The aborigines have an intricate classification system that defines kinship relations and regulates marriages. The Kariera, for example, are divided into hordes, or local groups of about 30 people, which are divided into four classes, or sections. Membership in a section determines ritual and territorial claims. In half of the hordes the men are divided among the Karimera and Burung sections in the other half they are divided among the Palyeri and Banaka sections. These sections are exogamous, and rules of marriage , descent, and residence determine how these sections interact: Karimera men must marry Palyeri women, and their children are Burung, and so on. Sons live in the same hordes as their fathers, so the composition of hordes alternates every generation. The complex system, by requiring each man to marry a woman from only one of the three possible sections, fosters a broad network of social relations and creates familial solidarity within the horde as a whole. Aborigines maintain elaborate systems of totemism (the belief that there is a genealogical relationship between people and species of plants or animals). They see the relationship between totemic plants and animals as a symbolic map of the relations between different people.
Contact with British settlers, beginning in 1788, initially led to economic marginalization, a loss of political autonomy, and death by disease. So-called pacification by force culminated in the late 1880s, leading to a massive depopulation and extinction for some groups. By the 1940s almost all aborigines were missionized and assimilated into rural and urban Australian society as low-paid laborers with limited rights many aborigine children were taken from their natural parents and given to foster parents to promote assimilation.
In 1976 and 1993 the Australian government enacted land-rights legislation that has returned to the aborigines a degree of autonomy, and court decisions in 1992, 1996, and 2006 have recognized aboriginal property and native title rights. The recent increase in aboriginal population reflects improved living conditions and a broad and inclusive definition of aboriginal identity on the part of the government. Their average standard of living and life expectancy, however, are not comparable with that of most Australians. In 1999 the Australian government issued an official expression of regret for past mistreatment of aborigines but, concerned that it would encourage claims for compensation, did not issue the formal national apology sought by aboriginal leaders until 2008, when the government was led by Prime Minister Kevin Rudd . The election of Adam Giles as chief minister of Northern Territory in 2013 marked the first time that an aborigine headed a state-level government in Australia.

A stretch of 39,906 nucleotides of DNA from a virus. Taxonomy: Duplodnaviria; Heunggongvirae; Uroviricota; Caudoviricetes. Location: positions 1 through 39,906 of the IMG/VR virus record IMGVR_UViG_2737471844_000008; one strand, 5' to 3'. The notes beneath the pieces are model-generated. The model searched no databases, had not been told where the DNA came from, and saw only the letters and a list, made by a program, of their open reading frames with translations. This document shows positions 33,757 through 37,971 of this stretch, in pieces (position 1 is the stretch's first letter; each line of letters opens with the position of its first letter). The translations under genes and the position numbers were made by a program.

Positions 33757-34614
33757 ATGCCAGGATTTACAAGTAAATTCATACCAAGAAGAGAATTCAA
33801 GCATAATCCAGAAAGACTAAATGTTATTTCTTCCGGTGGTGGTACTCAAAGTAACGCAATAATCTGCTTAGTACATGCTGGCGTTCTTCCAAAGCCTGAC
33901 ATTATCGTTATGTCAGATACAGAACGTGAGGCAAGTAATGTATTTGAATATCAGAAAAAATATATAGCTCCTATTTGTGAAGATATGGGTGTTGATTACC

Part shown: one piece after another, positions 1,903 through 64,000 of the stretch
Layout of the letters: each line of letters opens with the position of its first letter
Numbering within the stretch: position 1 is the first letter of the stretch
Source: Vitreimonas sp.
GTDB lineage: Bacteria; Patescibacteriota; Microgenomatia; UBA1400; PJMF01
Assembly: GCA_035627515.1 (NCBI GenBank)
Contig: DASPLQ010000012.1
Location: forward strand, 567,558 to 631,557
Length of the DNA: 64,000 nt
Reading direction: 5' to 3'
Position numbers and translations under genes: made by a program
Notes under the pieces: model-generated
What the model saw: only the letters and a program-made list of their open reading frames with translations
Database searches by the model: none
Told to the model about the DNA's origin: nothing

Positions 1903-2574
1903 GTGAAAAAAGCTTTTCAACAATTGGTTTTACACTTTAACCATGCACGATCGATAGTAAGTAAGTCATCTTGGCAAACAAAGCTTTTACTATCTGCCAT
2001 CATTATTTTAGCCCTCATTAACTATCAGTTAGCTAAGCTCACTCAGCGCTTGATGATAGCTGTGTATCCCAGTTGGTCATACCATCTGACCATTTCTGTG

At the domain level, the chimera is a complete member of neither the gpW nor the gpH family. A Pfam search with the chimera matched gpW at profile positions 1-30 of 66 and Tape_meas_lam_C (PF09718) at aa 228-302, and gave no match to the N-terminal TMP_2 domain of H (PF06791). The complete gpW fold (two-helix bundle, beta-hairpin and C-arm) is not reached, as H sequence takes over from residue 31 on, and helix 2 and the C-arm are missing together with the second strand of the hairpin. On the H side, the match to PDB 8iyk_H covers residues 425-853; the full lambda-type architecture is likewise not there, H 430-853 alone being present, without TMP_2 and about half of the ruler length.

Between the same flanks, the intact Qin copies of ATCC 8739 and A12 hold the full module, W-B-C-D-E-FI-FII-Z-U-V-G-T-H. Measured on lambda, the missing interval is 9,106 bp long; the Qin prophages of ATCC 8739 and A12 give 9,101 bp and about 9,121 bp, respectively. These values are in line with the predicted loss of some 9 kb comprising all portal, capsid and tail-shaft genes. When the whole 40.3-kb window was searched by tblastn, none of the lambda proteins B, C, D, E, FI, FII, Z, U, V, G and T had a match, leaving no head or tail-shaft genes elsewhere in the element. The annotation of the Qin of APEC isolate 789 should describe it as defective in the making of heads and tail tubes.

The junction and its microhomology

See P. S. Bellwood, Man's Conquest of the Pacific (1978) W. Shapiro, Social Organization in Aboriginal Australia (1979) G. Blainey, Triumph of the Nomads: A History of Aboriginal Australia (1982) S. Bennett, Aborigines and Political Power (1989).
The Columbia Electronic Encyclopedia, 6th ed. Copyright © 2012, Columbia University Press. All rights reserved.
See more Encyclopedia articles on: Peoples (except New World)
Browse By Subject
- Earth and the Environment +-
- History +-
- Literature and the Arts +-
- Medicine +-
- People +-
- Philosophy and Religion +-
- Places +-
- Australia and Oceania
- Britain, Ireland, France, and the Low Countries
- Commonwealth of Independent States and the Baltic Nations
- Germany, Scandinavia, and Central Europe
- Latin America and the Caribbean
- Oceans, Continents, and Polar Regions
- Spain, Portugal, Italy, Greece, and the Balkans
- United States, Canada, and Greenland
- Plants and Animals +-
- Science and Technology +-
- Social Sciences and the Law +-
- Sports and Everyday Life +-